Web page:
Submitted manuscripts should not have been published previously, nor be under consideration for publication elsewhere (except conference proceedings papers). All manuscripts are thoroughly refereed through a single-blind peer-review process. A guide for authors and other relevant information for submission of manuscripts is available on the Instructions for Authors page. Sustainability is an international peer-reviewed open access semimonthly journal published by MDPI.

Please visit the Instructions for Authors page before submitting a manuscript. The Article Processing Charge (APC) for publication in this open access journal is 2400 CHF (Swiss Francs). Submitted papers should be well formatted and use good English. Authors may use MDPI's English editing service prior to publication or during author revisions.

Keywords

  • knowledge management
  • health care
  • knowledge networks
  • communities of expertise in healthcare
  • Q&A platforms
  • healthcare analytics, unstructured knowledge
  • tacit knowledge
  • research excellence

Published Papers (8 papers)

Order results
Result details
Select all
Export citation of selected articles as:

Research

Jump to: Review

24 pages, 3378 KiB  
Article
The Application of AutoML Techniques in Diabetes Diagnosis: Current Approaches, Performance, and Future Directions
by Lily Popova Zhuhadar and Miltiadis D. Lytras
Sustainability 2023, 15(18), 13484; https://doi.org/10.3390/su151813484 - 8 Sep 2023
Cited by 5 | Viewed by 3680
Abstract
Artificial Intelligence (AI) has experienced rapid advancements in recent years, facilitating the creation of innovative, sustainable tools and technologies across various sectors. Among these applications, the use of AI in healthcare, particularly in the diagnosis and management of chronic diseases like diabetes, has [...] Read more.
Artificial Intelligence (AI) has experienced rapid advancements in recent years, facilitating the creation of innovative, sustainable tools and technologies across various sectors. Among these applications, the use of AI in healthcare, particularly in the diagnosis and management of chronic diseases like diabetes, has shown significant promise. Automated Machine Learning (AutoML), with its minimally invasive and resource-efficient approach, promotes sustainability in healthcare by streamlining the process of predictive model creation. This research paper delves into advancements in AutoML for predictive modeling in diabetes diagnosis. It illuminates their effectiveness in identifying risk factors, optimizing treatment strategies, and ultimately improving patient outcomes while reducing environmental footprint and conserving resources. The primary objective of this scholarly inquiry is to meticulously identify the multitude of factors contributing to the development of diabetes and refine the prediction model to incorporate these insights. This process fosters a comprehensive understanding of the disease in a manner that supports the principles of sustainable healthcare. By analyzing the provided dataset, AutoML was able to select the most fitting model, emphasizing the paramount importance of variables such as Glucose, BMI, DiabetesPedigreeFunction, and BloodPressure in determining an individual’s diabetic status. The sustainability of this process lies in its potential to expedite treatment, reduce unnecessary testing and procedures, and ultimately foster healthier lives. Recognizing the importance of accuracy in this critical domain, we propose that supplementary factors and data be rigorously evaluated and incorporated into the assessment. This approach aims to devise a model with enhanced accuracy, further contributing to the efficiency and sustainability of healthcare practices. Full article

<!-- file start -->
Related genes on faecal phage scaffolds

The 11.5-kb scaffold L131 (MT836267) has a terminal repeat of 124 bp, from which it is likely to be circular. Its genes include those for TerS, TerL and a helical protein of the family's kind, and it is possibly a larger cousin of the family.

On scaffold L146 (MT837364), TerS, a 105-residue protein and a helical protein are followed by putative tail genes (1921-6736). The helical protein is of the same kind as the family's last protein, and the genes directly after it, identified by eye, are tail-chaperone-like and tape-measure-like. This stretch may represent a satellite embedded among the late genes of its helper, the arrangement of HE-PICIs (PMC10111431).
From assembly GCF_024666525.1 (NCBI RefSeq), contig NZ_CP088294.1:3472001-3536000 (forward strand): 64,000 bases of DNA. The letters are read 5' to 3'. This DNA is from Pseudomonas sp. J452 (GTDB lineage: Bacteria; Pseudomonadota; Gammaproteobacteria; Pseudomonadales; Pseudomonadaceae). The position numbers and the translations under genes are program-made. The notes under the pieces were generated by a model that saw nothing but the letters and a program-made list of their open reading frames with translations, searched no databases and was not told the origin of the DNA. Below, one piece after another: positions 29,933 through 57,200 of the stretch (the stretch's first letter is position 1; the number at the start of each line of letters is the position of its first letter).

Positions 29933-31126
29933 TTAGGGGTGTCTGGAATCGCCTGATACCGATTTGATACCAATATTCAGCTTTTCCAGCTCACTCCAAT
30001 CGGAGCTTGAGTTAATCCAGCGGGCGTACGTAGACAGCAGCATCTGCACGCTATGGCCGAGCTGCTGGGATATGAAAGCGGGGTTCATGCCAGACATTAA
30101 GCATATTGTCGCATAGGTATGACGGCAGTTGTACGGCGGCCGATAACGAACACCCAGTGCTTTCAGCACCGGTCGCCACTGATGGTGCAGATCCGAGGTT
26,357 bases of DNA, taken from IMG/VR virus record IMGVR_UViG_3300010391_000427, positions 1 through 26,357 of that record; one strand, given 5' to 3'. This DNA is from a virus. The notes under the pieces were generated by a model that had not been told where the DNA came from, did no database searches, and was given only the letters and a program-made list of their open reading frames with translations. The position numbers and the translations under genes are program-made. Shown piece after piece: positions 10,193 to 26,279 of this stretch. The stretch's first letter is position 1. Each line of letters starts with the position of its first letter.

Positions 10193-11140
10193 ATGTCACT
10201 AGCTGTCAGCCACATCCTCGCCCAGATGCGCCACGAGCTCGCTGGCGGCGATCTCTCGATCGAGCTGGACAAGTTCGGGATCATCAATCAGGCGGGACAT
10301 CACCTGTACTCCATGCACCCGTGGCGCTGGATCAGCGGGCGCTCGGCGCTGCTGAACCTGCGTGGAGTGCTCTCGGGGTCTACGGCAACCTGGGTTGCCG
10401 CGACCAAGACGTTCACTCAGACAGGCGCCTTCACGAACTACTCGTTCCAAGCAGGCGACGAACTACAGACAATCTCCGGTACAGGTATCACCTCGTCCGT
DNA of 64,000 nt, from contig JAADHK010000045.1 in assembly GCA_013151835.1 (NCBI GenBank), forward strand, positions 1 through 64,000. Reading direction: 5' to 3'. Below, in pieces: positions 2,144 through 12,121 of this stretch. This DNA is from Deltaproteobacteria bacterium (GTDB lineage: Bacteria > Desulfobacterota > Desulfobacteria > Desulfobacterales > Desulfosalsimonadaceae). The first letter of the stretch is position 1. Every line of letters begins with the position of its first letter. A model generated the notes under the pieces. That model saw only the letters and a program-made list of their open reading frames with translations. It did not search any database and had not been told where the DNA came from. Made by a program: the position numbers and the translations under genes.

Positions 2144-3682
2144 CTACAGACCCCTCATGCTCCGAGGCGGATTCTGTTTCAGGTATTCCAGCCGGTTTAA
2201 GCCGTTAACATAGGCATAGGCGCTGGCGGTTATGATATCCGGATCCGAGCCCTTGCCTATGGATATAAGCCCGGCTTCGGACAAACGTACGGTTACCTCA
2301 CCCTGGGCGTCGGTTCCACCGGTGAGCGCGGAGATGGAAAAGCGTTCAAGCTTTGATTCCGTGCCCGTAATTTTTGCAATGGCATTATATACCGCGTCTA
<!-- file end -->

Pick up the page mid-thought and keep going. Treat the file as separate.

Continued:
(This article belongs to the Special Issue Knowledge Management in Healthcare)
Show Figures

Figure 1

13 pages, 2335 KiB  
Article
KMS as a Sustainability Strategy during a Pandemic